Telephone (904) 419-9858
Incorrect information on your credit report can have serious consequences. It can impact your ability to buy a house or a car, to get a job, to obtain security clearance, to get insurance, etc. The Fair Credit Reporting Act is a federal statute designed to protect consumers from inaccurate credit reporting and from the illegal use of credit reports.
Below is a very, very, abbreviated list of some of your rights under the FCRA:
You have the right to dispute incomplete or inaccurate information and consumer reporting agencies must correct or delete inaccurate, incomplete, or unverifiable information.
Consumer reporting agencies may not report outdated negative information. In most cases, a consumer reporting agency may not report negative information that is more than seven years old, or bankruptcies that are more than 10 years old. So, for instance, it is a violation for a collector to re-age old debts on your credit report.
You must be told if information in your file has been used against you. Anyone who makes an adverse credit, insurance, employment, or other decision based on a credit report must tell you, and must give you the contact information for the agency that provided the adverse information.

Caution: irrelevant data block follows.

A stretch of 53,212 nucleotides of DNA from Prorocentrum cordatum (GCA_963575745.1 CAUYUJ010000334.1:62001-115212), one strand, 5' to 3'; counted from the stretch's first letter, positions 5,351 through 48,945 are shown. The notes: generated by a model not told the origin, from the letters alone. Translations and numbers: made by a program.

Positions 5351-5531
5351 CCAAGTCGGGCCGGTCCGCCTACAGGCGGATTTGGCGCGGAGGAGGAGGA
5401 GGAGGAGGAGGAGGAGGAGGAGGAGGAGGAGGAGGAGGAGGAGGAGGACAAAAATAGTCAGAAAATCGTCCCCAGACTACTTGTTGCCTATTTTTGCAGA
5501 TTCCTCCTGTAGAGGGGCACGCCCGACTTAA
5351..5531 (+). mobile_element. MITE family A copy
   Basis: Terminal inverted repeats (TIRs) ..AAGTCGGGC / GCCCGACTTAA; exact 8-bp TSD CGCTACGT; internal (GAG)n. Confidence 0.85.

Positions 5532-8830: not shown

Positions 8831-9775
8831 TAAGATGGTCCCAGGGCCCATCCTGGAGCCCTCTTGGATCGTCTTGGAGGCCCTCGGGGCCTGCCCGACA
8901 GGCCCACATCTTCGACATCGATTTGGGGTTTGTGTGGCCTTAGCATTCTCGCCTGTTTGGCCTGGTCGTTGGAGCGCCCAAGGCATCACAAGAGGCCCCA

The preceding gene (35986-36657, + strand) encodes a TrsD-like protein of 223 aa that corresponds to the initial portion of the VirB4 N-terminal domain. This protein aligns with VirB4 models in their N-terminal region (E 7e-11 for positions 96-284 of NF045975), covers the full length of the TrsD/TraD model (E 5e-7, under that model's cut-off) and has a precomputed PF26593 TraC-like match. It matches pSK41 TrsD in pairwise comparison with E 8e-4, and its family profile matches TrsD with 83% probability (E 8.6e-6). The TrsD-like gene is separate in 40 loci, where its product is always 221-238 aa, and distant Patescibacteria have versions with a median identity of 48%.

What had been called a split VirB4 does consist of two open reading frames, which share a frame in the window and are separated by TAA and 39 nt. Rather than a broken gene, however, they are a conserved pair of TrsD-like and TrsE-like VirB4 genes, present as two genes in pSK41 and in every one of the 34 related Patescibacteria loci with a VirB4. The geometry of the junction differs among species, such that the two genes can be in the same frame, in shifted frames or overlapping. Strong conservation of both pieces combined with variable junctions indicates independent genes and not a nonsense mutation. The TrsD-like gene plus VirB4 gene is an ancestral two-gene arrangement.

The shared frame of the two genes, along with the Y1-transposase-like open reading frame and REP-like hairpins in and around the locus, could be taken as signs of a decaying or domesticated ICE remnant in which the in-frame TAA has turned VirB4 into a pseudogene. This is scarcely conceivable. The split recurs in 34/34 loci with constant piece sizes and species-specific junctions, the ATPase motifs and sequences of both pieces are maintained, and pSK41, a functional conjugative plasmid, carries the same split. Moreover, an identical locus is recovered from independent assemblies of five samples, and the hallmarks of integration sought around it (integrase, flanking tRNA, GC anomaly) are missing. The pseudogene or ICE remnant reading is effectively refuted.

You have the right to know what is in your file.
You have the right to ask for a credit score.
You have the right to protect your confidential information. A consumer reporting agency may furnish information about you only where there is a legitimate need -- usually to a creditor, insurer, employer, or landlord, for purposes of considering an application.
You must give your written consent for reports to be provided to employers.
There is not a private remedy for all violations of the Act, however, under some circumstances you may be entitled to damages. Under some circumstances, the FCRA provides for actual damages, costs, and reasonable attorney’s fees for negligent violations and for actual damages, statutory damages, punitive damages, and reasonable attorney’s fees for willful violations.
This is certainly not an exhaustive list of your rights nor is this a comprehensive explanation of the FCRA. There are many nuances. If you feel your rights have been violated please call me at (904) 419-9858 for a free consultation.